Gas boom's demise in the cards; worries about a collapse mount

Is the natural gas boom officially over now? Will a mild winter see the US gas market testing a $2/Mcf floor?

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Is the natural gas boom officially over now? Will a mild winter see the US gas market testing a $2/Mcf floor?

Those questions come to mind in the wake of the lastest short-term outlook from the US Energy Information Administration. EIA projects that spot gas prices could drop to as low as $2/Mcf this winter if the weather is mild. Spot prices for September are down about 50% from a year ago and are at their lowest point in 19 months.

The agency noted the sudden turnaround in gas market prospects and blames it on the economic slowdown and an unexpectedly mild summer. No kidding. Even the much-vaunted hurricane season-which usually could be counted upon to goose spot prices with a flurry of Gulf of Mexico gas platforms-has fizzled this year.

EIA thinks that spot gas prices will stay well below $3/Mcf throughout the winter and throughout 2002. It contends that the price collapse could be much worse if the fall and winter weather remains mild, crude prices remain stable, and the economy falls short of even a modest rebound during the next few quarters. Such low prices will only encourage an acceleration of gas storage injection rates, spawning a big bulge in inventories that could threaten to linger for months.

The demand falloff is proving to be a bigger factor than earlier suspected. EIA estimates that US industrial gas demand fell by about 6.5%, or 280 bcf, in first half 2001 vs. a year ago. Even with the price decline for natural gas, it's taking awhile for industrial gas consumption to revive with the continuing economic doldrums.

EIA projects that US natural gas consumption overall in 2001 will be down aboout 1.3% from last year because of the industrial sector demand slump. However, it contends that consumption overall will rise about 4.6% in 2002 because of the recovering economy. A big factor in next year's gas demand increase will be electric power demand for gas. EIA pegs US demand for electricity at a 1.2% rise in 2001 vs. a year ago and forecasts next year's increase at 2.5%.

Another view

Even if the bandwagon is rushing headlong into bear territory today, not everyone thinks that $2/Mcf will be the floor next year.

Energy Security Analysis Inc., Wakefield, Mass., predicts a $1 drop in the annualized average price of US natural gas in 2002 vs. this year. But it sees the average at $3.25/Mmbtu next year, compared with $4.27 this year.

Still, ESAI's outlook is decidedly bearish.

"Although gas prices have declined substantially from the heights reached during the winter of 2000-01, the supply response ignited by higher prices continues to expand domestic output," said ESAI analyst Mary Menino.

Another contributing supply factor was a jump in US imports of Canadian gas, Menino noted: "The capacity of Canadian export pipelines was greatly expanded during 2000. Looking ahead, additions to the capacity of Maritimes & Northeast (pipeline system) are highly likely.

On the demand side, ESAI sees a prospect for some slowdown in the rate of growth in gas-fired power capacity, with the slippage to 2002 of startups for new plants announced in 2000.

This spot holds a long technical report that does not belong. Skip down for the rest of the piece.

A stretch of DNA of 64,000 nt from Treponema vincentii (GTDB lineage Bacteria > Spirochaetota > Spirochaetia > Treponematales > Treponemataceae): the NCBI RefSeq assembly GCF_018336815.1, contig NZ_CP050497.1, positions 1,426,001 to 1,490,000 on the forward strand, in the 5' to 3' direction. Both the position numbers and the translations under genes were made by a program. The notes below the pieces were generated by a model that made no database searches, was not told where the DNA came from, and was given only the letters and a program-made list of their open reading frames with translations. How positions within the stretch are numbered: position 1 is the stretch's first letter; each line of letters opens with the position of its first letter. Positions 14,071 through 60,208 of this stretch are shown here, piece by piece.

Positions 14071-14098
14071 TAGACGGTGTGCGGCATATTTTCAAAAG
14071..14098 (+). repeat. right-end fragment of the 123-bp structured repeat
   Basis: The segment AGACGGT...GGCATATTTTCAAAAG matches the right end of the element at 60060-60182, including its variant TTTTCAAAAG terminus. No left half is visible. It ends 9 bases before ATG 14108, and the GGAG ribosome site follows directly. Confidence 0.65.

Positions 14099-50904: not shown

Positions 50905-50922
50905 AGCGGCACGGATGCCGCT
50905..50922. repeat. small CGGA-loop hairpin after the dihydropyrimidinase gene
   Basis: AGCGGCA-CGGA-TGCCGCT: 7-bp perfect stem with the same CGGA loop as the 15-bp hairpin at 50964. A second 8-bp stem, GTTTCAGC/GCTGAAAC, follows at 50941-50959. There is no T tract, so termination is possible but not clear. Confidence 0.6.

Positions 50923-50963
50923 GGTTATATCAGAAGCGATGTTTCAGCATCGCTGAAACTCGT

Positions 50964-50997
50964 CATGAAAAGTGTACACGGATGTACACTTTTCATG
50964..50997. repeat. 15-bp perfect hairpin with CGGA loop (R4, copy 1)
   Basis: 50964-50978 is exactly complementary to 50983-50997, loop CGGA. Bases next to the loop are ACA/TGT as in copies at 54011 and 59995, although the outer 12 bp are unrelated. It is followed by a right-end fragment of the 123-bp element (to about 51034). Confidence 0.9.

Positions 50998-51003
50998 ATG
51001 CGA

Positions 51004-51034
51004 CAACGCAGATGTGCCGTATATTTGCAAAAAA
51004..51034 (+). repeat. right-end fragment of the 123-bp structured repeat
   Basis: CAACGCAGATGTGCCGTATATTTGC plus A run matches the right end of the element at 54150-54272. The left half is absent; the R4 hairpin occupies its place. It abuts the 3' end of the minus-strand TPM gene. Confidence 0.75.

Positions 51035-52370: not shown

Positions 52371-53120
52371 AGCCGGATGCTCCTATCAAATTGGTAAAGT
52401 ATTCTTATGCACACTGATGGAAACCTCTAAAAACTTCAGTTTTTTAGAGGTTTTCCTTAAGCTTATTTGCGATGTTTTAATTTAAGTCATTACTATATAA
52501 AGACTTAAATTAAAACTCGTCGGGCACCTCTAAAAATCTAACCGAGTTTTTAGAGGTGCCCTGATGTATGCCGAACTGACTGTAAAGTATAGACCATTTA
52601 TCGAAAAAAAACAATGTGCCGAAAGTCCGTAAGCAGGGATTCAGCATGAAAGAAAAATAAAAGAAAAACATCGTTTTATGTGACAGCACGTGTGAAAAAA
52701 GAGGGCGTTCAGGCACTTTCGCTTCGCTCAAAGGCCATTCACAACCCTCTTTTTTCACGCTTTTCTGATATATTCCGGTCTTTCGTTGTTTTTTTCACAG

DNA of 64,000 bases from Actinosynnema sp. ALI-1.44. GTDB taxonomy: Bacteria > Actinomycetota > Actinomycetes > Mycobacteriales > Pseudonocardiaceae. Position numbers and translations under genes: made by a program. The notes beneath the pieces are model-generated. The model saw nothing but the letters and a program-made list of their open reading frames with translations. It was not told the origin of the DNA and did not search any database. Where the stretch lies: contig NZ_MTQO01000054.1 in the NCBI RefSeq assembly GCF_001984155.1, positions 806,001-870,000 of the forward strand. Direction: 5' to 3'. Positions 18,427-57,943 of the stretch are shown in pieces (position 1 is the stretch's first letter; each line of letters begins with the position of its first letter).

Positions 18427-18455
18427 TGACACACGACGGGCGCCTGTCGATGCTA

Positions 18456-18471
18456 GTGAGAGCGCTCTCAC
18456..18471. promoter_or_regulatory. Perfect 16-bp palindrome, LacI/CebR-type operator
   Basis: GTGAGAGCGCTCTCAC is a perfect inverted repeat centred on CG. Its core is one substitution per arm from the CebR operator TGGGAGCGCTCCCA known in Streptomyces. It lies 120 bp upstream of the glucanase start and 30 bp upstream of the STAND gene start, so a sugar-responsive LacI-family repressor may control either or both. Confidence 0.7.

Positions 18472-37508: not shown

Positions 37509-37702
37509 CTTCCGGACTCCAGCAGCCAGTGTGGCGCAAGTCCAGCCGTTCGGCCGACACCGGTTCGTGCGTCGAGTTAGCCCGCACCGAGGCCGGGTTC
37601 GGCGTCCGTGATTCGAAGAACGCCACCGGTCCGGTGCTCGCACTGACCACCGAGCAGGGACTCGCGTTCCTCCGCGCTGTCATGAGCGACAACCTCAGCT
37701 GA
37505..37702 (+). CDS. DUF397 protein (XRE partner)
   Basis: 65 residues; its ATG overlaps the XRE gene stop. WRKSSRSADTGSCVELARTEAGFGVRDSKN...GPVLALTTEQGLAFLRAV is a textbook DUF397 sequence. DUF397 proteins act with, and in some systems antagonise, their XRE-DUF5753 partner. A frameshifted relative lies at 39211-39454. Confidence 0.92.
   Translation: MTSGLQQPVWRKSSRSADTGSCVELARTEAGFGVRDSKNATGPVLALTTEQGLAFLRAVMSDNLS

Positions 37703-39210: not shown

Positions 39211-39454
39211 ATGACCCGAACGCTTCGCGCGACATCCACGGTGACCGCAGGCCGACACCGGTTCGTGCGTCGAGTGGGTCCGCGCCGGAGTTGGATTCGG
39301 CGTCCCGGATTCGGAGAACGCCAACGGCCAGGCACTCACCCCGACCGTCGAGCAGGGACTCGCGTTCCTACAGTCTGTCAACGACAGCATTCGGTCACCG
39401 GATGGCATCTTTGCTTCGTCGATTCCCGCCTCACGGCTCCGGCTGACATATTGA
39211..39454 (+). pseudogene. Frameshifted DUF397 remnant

Even with strong growth continuing in the power sector, the analyst sees residential and commercial sector demand remaining flat next year, assuming normal winter weather.

More of a conundrum is the outlook for industrial demand-which certainly flummoxed the crystal ball gazers this year.

"Industrial gas demand has fallen off sharply, initially in response to the sharp rise of gas prices and the economic slowdown," Menino said. "If gas prices remain close to $3/MMbtu, we would expect some of this lost industrial demand to return. In the meantime, the balance between the strong supply response and the mixed demand response will be somewhat lower gas prices."

Weather factor

An unexpectedly cool end of summer in the US-at least compared with a year ago-has been the key factor in the latest collapse in gas prices.

For the week ended Sept. 1, national cooling degree-day temperatures were 23% cooler than a year ago-albeit 6% warmer than normal. That 6% also applies to the year-to-date, while a comparison with the same period a year ago yields an increase in cooling degree-days of 1%.

Given the brimming state of inventories and still-lackluster demand, the composite spot price for the week ended Aug. 31 was down 60¢ on the week to an average $2.29/MMbtu.

Helping the near-term outlook somewhat are forecasts for the next 2 weeks calling for temperatures to be seasonal, except for a continuing hot spell in the eastern third of the US.

That's still a long way off from the start of the heating season Nov. 1. And stocks continue to build, as the rate of injection continues to hold up. For the week ended Aug. 31, industry injected 77 bcf of gas into storage, compared with 76 bcf the prior week and 42 bcf the same week a year ago.

This leaves the year-on-year storage surplus climbing to 386 bcf from 351 bcf amd 327 bcf the previous 2 respective weeks. Remember just 5 or 6 months ago, when there was so much hand-wringing about the prospect of a hypothetical deficit in storage levels? Gee, how time flies when expectations are deflating.

OGJ Hotline Market Pulse
Latest Prices as of Sept. 7, 2001

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IPE Gas Oil

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Nymex Natural Gas

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NOTE: Because of holidays, lack of data availability, or rescheduling of chart publication, prices shown may not always reflect the immediate preceding 5 days.

*Futures price, next month delivery. #Spot price.

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